(Susperreguy et al., 2007), which made this group particularly
interesting for research purposes. According to the findings of
this study, students showed higher scores on motivational than
cognitive dimensions associated with their learning experience
of this module.
By characterizing this group as to their motivational profile
in particular, it was found that students engaged in learning
tasks of the course and learning challenges involved, rather than
the single assessment or grade. Learning was almost as impor-
tant for them as the results, although the latter was to a lesser
extent. In this sense, students did not separate the two in their
learning and valuing of the module, which according to Romero
& Perez (2009) would positively affect their motivation and the
quality of their learning experience and outcomes. These find-
ings could be used in the future for advancing the current
teaching style of the module and other aspects of the Engineer-
ing curriculum.
An interesting aspect was that most students perceived this
module as an important and useful tool. In addition, they hoped
that their efforts (rather than external variables) could positively
affect their learning outcomes, showing that they recognized
their role and opportunities to intervene. This was very relevant
given that they were novice students in their first curricular year
and they needed to match expectations with actual performance.
Aspects like giving value and meaning to the tasks of the module,
Copyright © 2012 SciRes. 815
and feeling that their efforts were not meaningless were sig-
nificant dimensions. Moreover, according to their strategies for
studying Introduction to Calculus, this group would stand to
regulate their efforts and focus on the study by monitoring the
concentration and strategies employed. They were aware of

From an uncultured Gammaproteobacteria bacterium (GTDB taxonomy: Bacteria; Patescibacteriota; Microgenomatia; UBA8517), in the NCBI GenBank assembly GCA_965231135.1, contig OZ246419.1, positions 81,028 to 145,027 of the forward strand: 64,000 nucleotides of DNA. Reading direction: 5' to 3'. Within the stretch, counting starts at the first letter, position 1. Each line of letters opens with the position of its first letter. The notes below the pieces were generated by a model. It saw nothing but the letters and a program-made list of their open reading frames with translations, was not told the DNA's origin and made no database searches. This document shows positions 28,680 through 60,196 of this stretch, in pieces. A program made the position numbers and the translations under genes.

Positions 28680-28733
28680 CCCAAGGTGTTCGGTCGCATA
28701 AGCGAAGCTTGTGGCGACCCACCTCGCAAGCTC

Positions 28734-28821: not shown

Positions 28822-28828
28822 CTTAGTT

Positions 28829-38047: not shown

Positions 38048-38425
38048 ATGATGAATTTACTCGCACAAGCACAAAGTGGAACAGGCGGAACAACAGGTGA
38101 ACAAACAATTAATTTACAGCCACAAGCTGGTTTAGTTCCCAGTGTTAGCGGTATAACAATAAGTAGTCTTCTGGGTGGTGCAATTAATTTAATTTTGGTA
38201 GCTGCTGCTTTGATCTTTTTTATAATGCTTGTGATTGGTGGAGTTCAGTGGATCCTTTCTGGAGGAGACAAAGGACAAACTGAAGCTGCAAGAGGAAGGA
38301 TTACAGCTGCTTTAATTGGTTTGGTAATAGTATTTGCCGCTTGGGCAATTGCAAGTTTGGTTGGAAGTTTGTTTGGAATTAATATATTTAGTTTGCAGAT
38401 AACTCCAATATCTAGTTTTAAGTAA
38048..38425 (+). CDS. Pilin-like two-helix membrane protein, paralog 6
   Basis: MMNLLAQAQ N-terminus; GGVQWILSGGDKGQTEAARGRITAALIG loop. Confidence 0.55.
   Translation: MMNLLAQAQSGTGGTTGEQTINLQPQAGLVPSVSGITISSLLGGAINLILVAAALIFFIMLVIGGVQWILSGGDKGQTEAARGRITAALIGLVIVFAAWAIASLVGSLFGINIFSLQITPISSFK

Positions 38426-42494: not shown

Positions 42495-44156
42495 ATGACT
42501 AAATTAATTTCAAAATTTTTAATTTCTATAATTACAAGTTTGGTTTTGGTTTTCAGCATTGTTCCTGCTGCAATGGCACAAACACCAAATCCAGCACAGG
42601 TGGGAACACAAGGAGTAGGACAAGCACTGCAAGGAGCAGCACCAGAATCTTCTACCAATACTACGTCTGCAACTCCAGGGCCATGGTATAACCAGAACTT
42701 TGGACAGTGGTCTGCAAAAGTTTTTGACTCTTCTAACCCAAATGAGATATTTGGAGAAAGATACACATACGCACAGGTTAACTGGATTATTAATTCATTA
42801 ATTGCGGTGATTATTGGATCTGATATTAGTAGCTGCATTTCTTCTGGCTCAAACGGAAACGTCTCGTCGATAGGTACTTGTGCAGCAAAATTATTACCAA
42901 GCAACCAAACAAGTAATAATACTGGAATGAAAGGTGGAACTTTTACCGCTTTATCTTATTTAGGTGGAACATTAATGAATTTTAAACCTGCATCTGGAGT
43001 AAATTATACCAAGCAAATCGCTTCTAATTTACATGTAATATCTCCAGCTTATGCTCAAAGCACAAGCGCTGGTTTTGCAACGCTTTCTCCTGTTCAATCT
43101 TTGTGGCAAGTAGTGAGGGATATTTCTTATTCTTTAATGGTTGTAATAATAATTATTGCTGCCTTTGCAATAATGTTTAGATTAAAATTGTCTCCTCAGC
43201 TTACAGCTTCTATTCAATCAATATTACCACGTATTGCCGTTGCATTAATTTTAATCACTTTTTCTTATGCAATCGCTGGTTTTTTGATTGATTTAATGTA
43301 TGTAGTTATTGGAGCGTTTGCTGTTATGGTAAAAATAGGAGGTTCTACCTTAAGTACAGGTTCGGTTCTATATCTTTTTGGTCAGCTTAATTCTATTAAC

their learning process and were also able to monitor it and to be
conscious of their comprehension and understanding. Findings
from this study suggest that these students are highly self-
regulated and proactive in their learning process (Zimmerman,
In their study process, they used more strategies of Elabora-
tion or Organization than that of Rehearsal. Thus, they prefer to
use strategies related to association and integration of informa-
tion, especially such strategies which are most relevant. Hence,
they used more active and complex strategies in their learning.
By managing their time and their learning environment, these
students cared for their attendance to the lectures and also the
environment where the learning process took place. However
they also had some difficulty with organizing their time. Re-
garding their learning resource management, although about
half of them studied with peers, this was more often reported
when they were experiencing difficulties with their learning
process, and not as part of their learning routine. Very few of
them reported asking the module’s leader or other lecturers for
help when needed.
Although sections of the Motivation and Strategies were
analyzed separately, it was difficult to separate both aspects in
the learning process. This was particularly true when consider-
ing the role of motivation in higher levels of effort associated
with a more autonomous learning process (Romero & Pérez,
2009). The correlations found reinforce the strong interrela-
tionship between these components. For example, there was a
significant correlation between Intrinsic Motivation and Critical
Thinking, both of which typically involve active learning pro-
cesses. Critical thinking involves cognitive tasks like using
information for solving problems or making critical evaluation
with respect to standards of excellence (Pintrich et al., 1991).
Probably implies participating in the task because of intrinsic
goals such as the challenge implied in it. That is why the corre-
lation observed between this sub scales is so interesting, as it
reinforces the importance of being an active learner from both
motivational and cognitive dimensions of the learning process.
A second example was the important role of Meta-cognitive
self-regulation. As it increased, more complex strategies like
active learning and better management of resources were ob-
The fact that these students valued the learning process
without neglecting their results, poses significant challenges
with respect to the teaching-learning process. This is not only in